By Nicole Laurier on Nov 15, 2011 12:05:00 PM
One of the most frustrating aspects of being involved in Sales is overcoming the same objections. Recently I have learned that a good tip is to turn the objection into interest. So how can you do this?
There is one objection that I come across at least a dozen times a week.
"I have used XYZ Company (our main competition) for years and I don't have the time or resources to look at or learn more about your product."
This is a valid objection but is it fair? What does this organization know about our product? What do they know about the functionality differences? The pricing differences? Have they even seen or researched our product to understand these differences? Is lack of time a reasonable excuse if the product is core to the value add they offer their customers?
The majority of our customers are Value Added Resellers (VARs) so shouldn't they make sure they know about the different products available in their space so they can offer their customers the best solutions for their needs?
So how do I answer? It's quite simple. Knowing our competition and knowing the significant advantages that our product offers, I can respond with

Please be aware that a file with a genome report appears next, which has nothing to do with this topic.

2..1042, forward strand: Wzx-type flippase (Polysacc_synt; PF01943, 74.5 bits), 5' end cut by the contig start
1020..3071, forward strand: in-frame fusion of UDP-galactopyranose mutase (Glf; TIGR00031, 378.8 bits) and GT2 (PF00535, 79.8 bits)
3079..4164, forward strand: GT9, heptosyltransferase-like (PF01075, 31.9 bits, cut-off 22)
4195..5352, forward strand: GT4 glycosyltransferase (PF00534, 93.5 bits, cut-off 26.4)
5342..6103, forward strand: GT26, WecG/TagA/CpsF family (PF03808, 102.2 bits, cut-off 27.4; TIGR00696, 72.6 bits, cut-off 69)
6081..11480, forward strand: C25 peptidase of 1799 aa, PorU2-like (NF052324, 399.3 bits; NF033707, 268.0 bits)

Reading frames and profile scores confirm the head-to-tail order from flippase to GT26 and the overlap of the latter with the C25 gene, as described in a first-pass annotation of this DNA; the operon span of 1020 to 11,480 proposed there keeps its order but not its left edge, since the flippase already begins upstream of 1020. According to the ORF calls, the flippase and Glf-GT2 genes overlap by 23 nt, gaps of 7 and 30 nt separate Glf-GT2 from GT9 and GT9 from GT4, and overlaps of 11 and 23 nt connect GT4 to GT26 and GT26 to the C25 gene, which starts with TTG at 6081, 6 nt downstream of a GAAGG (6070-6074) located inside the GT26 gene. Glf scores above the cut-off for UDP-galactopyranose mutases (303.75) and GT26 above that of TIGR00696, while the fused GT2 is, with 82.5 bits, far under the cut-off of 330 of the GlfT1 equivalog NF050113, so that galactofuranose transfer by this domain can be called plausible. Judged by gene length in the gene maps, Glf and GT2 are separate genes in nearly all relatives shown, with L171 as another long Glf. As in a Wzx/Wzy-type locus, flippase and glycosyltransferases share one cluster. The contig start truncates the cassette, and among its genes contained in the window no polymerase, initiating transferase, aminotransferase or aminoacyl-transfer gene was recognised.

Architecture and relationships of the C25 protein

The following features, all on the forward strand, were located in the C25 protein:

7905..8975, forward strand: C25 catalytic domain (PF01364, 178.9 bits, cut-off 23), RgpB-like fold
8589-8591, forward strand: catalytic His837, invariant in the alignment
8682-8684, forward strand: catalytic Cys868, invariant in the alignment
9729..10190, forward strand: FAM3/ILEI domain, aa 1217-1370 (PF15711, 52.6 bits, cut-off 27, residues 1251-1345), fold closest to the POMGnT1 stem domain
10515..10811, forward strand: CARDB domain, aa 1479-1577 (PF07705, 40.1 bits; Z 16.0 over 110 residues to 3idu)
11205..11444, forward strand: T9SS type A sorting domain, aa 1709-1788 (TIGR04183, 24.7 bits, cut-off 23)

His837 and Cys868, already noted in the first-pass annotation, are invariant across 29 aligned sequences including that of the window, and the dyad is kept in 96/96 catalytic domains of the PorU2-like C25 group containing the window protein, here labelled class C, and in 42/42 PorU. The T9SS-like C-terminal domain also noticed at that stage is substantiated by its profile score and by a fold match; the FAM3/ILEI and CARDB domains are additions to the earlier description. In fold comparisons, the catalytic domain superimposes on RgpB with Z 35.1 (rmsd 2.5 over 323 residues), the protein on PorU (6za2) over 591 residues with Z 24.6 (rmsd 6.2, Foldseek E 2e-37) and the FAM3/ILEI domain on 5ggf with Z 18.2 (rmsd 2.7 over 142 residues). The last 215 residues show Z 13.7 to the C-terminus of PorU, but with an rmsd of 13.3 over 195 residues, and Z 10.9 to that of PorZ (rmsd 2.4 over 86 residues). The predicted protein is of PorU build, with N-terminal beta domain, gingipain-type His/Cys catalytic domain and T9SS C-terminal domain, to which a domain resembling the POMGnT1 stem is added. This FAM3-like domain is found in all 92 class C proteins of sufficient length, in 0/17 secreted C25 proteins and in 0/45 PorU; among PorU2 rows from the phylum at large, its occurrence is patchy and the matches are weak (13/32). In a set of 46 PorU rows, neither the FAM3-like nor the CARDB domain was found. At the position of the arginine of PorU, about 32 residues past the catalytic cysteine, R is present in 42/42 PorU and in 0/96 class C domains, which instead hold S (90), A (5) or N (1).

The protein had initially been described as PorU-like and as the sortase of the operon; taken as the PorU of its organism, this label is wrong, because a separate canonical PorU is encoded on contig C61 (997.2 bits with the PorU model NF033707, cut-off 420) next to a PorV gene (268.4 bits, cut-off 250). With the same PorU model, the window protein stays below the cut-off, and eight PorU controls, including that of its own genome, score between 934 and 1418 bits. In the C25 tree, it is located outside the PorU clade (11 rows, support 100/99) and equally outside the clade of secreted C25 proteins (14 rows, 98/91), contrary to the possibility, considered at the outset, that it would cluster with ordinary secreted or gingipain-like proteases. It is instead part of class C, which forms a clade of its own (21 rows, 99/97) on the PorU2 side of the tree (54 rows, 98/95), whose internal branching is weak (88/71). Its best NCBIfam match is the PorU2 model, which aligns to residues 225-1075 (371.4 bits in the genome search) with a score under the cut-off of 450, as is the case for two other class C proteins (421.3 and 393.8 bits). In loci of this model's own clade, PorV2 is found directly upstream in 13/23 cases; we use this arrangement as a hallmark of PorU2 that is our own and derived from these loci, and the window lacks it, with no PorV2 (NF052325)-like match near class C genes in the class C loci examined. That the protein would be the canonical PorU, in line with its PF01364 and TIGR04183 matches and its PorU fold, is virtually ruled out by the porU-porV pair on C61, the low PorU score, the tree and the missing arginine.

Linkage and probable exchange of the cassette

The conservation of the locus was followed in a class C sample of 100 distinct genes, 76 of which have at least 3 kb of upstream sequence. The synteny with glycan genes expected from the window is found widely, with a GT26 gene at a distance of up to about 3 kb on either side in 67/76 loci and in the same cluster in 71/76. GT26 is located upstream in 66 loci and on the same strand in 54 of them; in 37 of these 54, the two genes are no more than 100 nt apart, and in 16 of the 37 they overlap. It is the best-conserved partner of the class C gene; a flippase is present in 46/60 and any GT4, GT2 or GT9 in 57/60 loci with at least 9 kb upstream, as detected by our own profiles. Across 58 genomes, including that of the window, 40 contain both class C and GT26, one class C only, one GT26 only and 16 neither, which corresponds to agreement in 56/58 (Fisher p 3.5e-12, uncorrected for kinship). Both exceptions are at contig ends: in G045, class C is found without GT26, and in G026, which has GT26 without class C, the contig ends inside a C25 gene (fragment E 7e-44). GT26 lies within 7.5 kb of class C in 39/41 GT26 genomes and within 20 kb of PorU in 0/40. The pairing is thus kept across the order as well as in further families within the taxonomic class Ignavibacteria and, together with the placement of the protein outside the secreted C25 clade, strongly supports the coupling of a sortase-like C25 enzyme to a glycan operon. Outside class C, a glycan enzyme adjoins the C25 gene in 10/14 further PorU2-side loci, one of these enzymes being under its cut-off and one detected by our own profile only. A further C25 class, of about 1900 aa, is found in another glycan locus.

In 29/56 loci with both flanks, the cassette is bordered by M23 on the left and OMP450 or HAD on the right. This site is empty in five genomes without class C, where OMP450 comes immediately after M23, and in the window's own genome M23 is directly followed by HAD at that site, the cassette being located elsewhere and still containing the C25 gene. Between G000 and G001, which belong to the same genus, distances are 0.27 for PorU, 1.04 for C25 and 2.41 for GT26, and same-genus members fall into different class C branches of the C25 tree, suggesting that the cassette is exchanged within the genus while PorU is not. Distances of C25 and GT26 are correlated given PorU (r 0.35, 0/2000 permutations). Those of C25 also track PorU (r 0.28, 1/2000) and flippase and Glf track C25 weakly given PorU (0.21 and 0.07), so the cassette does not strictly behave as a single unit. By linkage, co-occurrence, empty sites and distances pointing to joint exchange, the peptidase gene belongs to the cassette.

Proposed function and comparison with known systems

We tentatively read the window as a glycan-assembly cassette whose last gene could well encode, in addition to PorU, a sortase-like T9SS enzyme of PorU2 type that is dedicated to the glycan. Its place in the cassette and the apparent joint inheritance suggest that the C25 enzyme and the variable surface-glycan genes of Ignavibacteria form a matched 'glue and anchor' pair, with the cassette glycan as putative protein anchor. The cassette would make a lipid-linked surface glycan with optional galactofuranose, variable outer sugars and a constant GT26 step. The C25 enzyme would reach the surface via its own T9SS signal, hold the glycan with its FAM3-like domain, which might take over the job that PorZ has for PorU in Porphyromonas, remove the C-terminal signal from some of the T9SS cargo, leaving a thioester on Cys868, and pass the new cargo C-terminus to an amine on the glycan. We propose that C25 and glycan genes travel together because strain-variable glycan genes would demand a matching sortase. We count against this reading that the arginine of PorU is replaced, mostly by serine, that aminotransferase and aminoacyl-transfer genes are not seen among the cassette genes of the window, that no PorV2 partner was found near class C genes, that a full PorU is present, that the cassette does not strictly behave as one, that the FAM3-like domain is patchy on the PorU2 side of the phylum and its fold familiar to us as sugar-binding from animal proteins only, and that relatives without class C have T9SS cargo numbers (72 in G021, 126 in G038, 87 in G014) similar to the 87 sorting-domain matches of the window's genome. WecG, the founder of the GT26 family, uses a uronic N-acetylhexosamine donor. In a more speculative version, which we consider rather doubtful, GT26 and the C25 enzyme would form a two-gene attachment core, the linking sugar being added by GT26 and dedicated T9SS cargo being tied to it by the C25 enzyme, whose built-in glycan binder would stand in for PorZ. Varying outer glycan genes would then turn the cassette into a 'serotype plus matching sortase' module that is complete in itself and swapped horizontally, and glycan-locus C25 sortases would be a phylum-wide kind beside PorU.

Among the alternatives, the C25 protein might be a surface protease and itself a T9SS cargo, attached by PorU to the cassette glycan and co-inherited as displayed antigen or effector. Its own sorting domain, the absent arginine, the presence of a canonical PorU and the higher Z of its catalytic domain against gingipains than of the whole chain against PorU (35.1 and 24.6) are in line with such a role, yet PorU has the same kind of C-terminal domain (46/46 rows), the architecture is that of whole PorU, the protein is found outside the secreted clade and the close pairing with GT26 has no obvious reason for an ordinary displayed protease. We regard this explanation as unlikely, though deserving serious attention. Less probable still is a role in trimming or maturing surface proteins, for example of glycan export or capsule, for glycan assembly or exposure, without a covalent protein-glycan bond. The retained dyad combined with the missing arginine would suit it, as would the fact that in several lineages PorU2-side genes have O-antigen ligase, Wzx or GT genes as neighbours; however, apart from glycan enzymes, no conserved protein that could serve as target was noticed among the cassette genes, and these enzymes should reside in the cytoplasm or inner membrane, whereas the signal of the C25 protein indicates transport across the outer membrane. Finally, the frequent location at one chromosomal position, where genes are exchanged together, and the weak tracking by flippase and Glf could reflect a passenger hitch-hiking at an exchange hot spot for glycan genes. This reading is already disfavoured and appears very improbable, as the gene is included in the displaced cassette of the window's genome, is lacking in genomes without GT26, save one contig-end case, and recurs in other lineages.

"You are correct there are similarities in our products, but there are some differences that you need to consider, such as ease of use, more advanced functionality, integration and connectivity not available in the competitor's offering."
I go on to add that I totally respect that they do not have the time or resource to look at our offering at the moment but that I do know from experience that they will come back to me. I tell them this often happens. They will either have a customer who asks them to check us out. Or alternatively they will hear from other partners that they need to work with us. And that I look forward to re-engaging with them when that time comes.
By answering the objection positively and agreeing with the prospect's point of view, leads to further in-depth conversation. I am often asked to book a demonstration, or alternatively to please call back in a month. So at the end of the call, instead of being brushed off and marking the prospect, 'not interested as we purchase from the competition', I am scheduling a follow up as the door is still open often quite wide!
So okay, objections can be frustrating, but I think if you can find a way to turn the brush off into a reason why a prospect shouldn't give you a definite no, then you will get a better reception from your prospects. If you know enough about the market space that you play in and the compelling reasons why the objection is not valid, then you will enjoy the challenges of answering objections, become more confident and less frustrated when you hear the same ones time and again.